Favorite power-tool jigs for woodworkersWe put together a collection of power-tool jigs that our readers consistently call game-changers.
It’s safe to say that most woodworkers are natural tinkerers. You hand them a tool, and they’re going to try and personalize it, or modify it to work best for them. Jigs can be as simple as a block of wood with a screw in it, like one of Bob Van Dyke’s stop blocks, but they make woodworking more accurate and safe. In turn, that tends to make woodworking more enjoyable.
The following articles and videos are the ones that our readers consistently call game-changers. We think you’ll find one or two that will make you wonder how you worked efficiently without them.
The rip fence is an integral part of your tablesaw’s functionality, but its abilities are somewhat limited. That’s why Connecticut Valley School of Woodworking director Bob Van Dyke created his own auxiliary rip-fence system. This clever tablesaw add-on fits over his stock rip fence, allowing him to maximize the saw’s potential.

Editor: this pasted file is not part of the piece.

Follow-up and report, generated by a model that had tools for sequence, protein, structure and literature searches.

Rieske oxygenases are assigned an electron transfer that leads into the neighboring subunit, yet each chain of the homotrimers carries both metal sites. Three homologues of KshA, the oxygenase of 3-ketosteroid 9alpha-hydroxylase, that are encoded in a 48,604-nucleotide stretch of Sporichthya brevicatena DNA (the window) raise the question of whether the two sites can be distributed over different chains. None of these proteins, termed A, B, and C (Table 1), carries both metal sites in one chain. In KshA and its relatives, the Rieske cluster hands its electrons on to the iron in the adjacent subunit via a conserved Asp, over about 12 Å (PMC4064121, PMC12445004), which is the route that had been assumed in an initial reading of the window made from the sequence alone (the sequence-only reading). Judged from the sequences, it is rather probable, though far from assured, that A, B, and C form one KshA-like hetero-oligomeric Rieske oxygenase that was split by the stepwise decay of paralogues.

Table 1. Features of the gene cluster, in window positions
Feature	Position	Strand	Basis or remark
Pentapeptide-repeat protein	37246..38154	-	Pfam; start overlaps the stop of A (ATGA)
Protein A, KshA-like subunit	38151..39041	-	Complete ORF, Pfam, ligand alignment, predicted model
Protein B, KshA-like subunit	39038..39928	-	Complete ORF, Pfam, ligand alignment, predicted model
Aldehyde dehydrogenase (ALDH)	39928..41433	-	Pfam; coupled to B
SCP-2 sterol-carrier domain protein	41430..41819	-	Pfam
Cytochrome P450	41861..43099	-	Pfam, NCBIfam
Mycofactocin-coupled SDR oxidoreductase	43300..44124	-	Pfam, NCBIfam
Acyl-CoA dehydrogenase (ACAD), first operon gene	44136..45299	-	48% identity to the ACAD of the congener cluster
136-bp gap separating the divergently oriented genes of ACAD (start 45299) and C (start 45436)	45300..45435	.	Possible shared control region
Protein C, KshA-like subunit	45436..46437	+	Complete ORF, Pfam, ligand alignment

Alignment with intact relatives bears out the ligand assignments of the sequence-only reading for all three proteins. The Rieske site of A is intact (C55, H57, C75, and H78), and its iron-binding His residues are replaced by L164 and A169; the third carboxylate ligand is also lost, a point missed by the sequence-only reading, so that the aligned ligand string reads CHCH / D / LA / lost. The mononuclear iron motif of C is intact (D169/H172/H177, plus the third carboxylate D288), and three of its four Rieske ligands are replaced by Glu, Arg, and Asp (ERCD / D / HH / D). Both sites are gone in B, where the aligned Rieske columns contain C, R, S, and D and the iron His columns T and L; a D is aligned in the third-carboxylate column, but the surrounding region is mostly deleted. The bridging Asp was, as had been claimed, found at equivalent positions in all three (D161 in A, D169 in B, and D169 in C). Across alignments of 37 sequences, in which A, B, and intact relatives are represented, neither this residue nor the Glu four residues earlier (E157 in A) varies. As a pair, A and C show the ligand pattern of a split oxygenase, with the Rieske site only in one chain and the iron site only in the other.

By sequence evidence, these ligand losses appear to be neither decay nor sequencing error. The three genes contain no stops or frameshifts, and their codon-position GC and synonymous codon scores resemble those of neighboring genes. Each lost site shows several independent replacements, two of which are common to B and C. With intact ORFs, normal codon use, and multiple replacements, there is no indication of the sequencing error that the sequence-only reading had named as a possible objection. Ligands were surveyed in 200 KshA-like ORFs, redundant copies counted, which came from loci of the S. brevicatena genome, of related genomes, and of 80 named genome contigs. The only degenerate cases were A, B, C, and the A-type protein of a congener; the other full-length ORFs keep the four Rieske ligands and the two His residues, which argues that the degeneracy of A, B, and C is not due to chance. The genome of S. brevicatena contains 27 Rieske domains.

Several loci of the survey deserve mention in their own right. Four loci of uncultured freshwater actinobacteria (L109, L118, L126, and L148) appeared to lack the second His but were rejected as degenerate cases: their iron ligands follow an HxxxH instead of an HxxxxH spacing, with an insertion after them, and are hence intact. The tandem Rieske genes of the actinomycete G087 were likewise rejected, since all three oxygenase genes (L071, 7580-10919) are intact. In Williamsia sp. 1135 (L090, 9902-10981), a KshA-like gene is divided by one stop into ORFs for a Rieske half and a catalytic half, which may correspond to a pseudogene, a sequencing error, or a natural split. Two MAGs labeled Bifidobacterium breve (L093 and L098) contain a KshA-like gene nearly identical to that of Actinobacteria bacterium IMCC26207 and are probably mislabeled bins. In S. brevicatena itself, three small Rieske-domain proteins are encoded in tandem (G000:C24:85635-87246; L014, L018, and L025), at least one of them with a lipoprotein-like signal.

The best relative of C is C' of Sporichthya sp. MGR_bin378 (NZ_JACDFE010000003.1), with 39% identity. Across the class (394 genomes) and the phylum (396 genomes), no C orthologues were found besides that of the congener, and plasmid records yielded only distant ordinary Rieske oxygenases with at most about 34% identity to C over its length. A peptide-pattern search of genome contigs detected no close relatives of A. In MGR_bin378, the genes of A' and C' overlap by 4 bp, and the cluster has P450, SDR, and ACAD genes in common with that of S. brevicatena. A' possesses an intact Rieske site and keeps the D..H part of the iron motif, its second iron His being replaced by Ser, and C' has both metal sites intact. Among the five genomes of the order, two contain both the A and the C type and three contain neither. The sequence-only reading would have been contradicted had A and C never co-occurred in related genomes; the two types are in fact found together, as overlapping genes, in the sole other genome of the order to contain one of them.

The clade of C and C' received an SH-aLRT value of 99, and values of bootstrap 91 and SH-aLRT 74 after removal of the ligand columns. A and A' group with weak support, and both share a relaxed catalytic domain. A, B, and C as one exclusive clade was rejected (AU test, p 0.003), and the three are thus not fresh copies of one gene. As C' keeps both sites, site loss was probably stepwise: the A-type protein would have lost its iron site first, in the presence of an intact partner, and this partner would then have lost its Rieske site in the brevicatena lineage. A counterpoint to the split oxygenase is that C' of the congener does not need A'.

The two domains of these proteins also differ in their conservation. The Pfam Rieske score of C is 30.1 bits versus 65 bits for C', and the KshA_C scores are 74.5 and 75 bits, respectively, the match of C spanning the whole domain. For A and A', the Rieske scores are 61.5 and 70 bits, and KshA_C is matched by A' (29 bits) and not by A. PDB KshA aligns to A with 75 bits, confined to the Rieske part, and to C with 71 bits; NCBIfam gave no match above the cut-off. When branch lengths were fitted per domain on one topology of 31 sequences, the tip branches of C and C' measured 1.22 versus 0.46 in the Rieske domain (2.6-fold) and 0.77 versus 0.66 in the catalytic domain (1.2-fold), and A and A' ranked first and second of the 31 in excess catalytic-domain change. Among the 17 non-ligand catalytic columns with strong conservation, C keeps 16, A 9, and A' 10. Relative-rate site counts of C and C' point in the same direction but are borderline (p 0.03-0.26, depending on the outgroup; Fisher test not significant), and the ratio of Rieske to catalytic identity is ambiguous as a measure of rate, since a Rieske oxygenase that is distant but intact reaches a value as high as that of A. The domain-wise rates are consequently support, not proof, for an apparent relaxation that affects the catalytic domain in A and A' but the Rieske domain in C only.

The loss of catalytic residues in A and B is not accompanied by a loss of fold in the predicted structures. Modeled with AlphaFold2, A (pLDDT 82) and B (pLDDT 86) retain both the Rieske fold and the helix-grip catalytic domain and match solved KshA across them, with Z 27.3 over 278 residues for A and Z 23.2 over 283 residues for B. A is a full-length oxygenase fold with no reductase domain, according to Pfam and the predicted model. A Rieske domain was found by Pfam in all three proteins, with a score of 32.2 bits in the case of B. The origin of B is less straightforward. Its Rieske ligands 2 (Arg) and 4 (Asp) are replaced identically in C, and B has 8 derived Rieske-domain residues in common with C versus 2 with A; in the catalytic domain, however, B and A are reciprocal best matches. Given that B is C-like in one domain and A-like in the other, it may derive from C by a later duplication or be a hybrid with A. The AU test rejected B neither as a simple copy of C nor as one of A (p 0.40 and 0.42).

The bandsaw shines for many woodworking jobs, but if you ask Brian Boggs, its greatest potential is revealed when you use it with a template to cut curves. Equipped with a properly set up saw and using the techniques described here, you’ll make repeatable, glue-joint-quality bandsawn cuts that don’t require cleanup with a router. Boggs gives tips on sawing freehand, how to make a template that includes a “follower” to steady the cut, and how to cut true, large-radius arcs.
Contributing editor Michael Fortune shows us the clever low fence that he keeps on all of his bandsaws to make sure that switching to a low fence takes mere seconds, not minutes. His fence hooks onto the back of his regular fence, and a magnet on the front mates up to a screw embedded in the front that is always at the ready.
Track saws are equally at home in the workshop and on the job site. Ben Strano shows how to build a table that will make the track saw your go-to tool for crosscutting panels that are too big for your tablesaw.
Improve the accuracy of tablesawn crosscuts with stop blocks. Simple but effective, stop blocks ensure that identical parts end up identical lengths, and that corresponding joinery ends up in the right spots. Bob Van Dyke uses three stops regularly: a flip stop for most cuts, an adjustable stop for pinpoint accuracy, and sliding stop that makes it safer to cut short parts.